Gift of the Bambino

Written by Jerry Amernic
Review by Lisa Ann Verge

In Gift of the Bambino, Jerry Amernic pens a misty paean to baseball, Babe Ruth, and the hopes and dreams of a young boy and his grandfather.

Stephen is the only child of neglectful parents. His sole source of love is his beloved grandfather, Larry, who teaches him the finer points of baseball – despite the fact that the older man hates to watch the sport. In the last weeks of his life Larry reveals the source of this paradox: he was once a professional player.

As a boy, Larry witnessed Babe Ruth’s first major league homerun. The ball flew right out of the stadium and into the lake beyond. Dazzled, Larry decides at that moment to become a baseball player. After high school, he tries out for the Yankees and – with the help of a vision of the Bambino – he makes the farm team. He eventually plays in the AA league, but he never “makes the show.” Larry gives up on the sport on the same day he witnesses Babe Ruth – now portly and dissolute — hit his final major league home run. Now, dying, Larry asks his grandson to fetch the Bambino’s first homerun ball from the lake, as a memento of all his broken dreams.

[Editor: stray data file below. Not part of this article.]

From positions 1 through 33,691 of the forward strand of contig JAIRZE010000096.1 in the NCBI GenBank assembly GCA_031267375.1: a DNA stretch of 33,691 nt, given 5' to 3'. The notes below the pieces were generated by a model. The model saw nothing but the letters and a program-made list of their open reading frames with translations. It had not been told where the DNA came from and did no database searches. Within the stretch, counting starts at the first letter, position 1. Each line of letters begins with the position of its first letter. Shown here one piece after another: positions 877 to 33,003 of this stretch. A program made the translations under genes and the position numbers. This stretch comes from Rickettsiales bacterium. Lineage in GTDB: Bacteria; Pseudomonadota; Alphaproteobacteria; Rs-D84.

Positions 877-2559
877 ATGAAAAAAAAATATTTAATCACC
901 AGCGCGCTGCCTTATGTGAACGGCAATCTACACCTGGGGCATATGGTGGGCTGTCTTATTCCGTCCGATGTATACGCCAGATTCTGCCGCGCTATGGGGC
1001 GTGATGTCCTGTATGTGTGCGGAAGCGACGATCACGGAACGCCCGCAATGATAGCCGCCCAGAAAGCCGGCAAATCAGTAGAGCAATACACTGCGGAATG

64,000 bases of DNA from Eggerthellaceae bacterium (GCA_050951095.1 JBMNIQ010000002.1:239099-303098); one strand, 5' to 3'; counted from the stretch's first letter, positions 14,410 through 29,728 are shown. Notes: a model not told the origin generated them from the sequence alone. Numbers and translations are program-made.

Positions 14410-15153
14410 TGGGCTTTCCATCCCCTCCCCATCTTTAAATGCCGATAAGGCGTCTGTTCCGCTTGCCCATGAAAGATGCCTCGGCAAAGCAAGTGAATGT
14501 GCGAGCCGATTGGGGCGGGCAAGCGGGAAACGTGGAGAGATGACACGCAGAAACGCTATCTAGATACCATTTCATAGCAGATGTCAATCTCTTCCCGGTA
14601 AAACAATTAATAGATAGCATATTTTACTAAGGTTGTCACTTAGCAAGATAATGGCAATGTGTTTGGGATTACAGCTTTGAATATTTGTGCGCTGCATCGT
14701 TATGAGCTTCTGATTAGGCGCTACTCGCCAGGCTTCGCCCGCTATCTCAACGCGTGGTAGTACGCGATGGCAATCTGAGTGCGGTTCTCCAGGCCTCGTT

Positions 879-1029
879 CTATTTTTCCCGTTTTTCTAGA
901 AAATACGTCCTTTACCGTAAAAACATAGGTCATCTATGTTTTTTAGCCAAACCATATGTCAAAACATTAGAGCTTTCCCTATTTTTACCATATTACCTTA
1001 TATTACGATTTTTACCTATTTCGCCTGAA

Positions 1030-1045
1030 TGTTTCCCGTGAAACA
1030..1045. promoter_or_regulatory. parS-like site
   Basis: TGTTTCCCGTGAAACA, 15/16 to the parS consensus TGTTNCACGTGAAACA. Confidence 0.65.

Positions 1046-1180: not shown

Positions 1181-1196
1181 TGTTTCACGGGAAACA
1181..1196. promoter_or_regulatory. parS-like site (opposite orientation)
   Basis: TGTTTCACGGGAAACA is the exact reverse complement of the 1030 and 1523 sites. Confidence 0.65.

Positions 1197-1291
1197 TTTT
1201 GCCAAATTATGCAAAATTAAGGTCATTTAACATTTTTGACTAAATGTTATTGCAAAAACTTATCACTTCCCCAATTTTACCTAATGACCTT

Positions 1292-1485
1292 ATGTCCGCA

Often reading like a sportswriter’s summary of an idol’s career, this heartfelt but overly sentimental novel is solely for those who believe in the church of baseball.